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Abnormal intrinsic functional activity in patients with cervical spondylotic myelopathy a resting state fMRI study

Authors Kuang C, Zha Y

Received 25 March 2019

Accepted for publication 31 July 2019

Published 21 August 2019 Volume 2019:15 Pages 2371—2383

DOI https://doi.org/10.2147/NDT.S209952

Checked for plagiarism Yes

Review by Single-blind

Peer reviewer comments 2

Editor who approved publication: Dr Yuping Ning


Cuili Kuang, Yunfei Zha

Radiological Department, Renmin Hospital of Wuhan University, Hubei, People’s Republic of China

Correspondence: Yunfei Zha
Radiological Department, Renmin Hospital of Wuhan University, No.99 ZhangZhiDong Road, Wuchang District, Wuhan, Hubei 430060, People’s Republic of China
Tel +86 135 5406 1833
Email fskyanteam@126.com

Purpose: We employed resting-state fMRI analyses to reveal central functional reorganization in the brains of patients with cervical spondylotic myelopathy (CSM) and to provide complementary evidence of cortex reorganization in these patients.
Patients and methods: We obtained Fisher’s z transformation amplitude of low-frequency fluctuations (zALFF) and Fisher’s z transformation regional homogeneity (zReHo) measurements from 33 patients with CSM and 33 healthy controls (HC) and used the brain regions with significant alterations in the zALFF or zReHo values as seed regions. Then, we calculated Pearson’s correlation coefficients between the resting-state time courses of each seed and the time series of the rest of the brain. Lastly, we computed correlations between the altered zALFF, zReHo, and functional connectivity with Japanese Orthopaedic Association scores, Neck Disability Index score, and the duration of symptoms in patients with CSM.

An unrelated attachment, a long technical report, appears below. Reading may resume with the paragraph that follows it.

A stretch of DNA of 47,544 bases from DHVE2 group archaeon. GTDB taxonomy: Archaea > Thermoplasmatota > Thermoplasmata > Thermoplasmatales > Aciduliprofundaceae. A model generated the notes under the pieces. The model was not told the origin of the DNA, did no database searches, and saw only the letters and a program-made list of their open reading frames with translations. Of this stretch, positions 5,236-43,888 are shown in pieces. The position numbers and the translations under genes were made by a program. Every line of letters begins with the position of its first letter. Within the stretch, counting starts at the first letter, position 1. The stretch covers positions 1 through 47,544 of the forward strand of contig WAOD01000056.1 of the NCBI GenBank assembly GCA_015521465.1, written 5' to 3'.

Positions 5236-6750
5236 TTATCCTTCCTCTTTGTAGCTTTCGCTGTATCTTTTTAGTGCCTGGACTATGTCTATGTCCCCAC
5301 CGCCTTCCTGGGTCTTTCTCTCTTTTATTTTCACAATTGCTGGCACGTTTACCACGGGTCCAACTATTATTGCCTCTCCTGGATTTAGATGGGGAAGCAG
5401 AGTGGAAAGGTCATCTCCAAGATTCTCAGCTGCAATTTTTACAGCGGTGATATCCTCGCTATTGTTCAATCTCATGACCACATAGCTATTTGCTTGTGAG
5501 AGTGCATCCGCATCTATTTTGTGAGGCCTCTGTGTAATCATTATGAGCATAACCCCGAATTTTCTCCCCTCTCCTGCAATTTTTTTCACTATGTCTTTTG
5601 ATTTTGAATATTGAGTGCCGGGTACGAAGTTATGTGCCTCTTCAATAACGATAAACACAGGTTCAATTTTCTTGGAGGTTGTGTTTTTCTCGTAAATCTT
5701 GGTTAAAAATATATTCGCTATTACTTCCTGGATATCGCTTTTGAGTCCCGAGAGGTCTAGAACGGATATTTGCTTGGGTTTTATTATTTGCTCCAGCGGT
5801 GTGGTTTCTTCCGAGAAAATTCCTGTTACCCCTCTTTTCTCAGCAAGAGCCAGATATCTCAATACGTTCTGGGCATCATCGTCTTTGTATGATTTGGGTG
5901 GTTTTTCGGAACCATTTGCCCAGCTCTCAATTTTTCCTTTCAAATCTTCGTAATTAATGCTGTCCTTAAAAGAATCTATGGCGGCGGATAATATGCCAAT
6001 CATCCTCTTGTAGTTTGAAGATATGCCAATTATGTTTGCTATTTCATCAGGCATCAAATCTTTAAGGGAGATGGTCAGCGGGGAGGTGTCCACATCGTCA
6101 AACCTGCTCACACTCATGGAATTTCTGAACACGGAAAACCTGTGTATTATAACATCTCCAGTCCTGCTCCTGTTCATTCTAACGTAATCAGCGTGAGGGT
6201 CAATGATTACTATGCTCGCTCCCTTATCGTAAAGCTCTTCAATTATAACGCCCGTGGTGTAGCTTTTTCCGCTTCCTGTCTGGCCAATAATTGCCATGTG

Results: zALFF and zReHo values were increased in the left medial superior frontal gyrus (lSFGmed) and left supramarginal gyrus (lSMG) in patients with CSM compared with those in the HC group. Selecting lSFGmed as the seed, we observed increased functional connectivity between it and the left postcentral gyrus (lPoCG) and left rolandic operculum and decreased functional connectivity with the right medial superior frontal gyrus in patients with CSM. In addition, there was a significant increase in the functional connectivity between the lSMG (seed) and the left calcarine and lPoCG in patients with CSM. However, we did not find any significant correlation between the resting-state findings and the clinical performance of patients with CSM.
Conclusion: These observed intrinsic functional changes in the patients with CSM may be related to functional reorganization and reflect the innate cortical plasticity in patients with CSM. Notably, the increased connectivity between the lPoCG and the two seed ROIs indicates the adaptive changes in patients with CSM. These findings provide complementary evidence of cortex reorganization in CSM.

Keywords: ALFF, ReHo, seed-based functional connectivity, cervical spondylotic myelopathy


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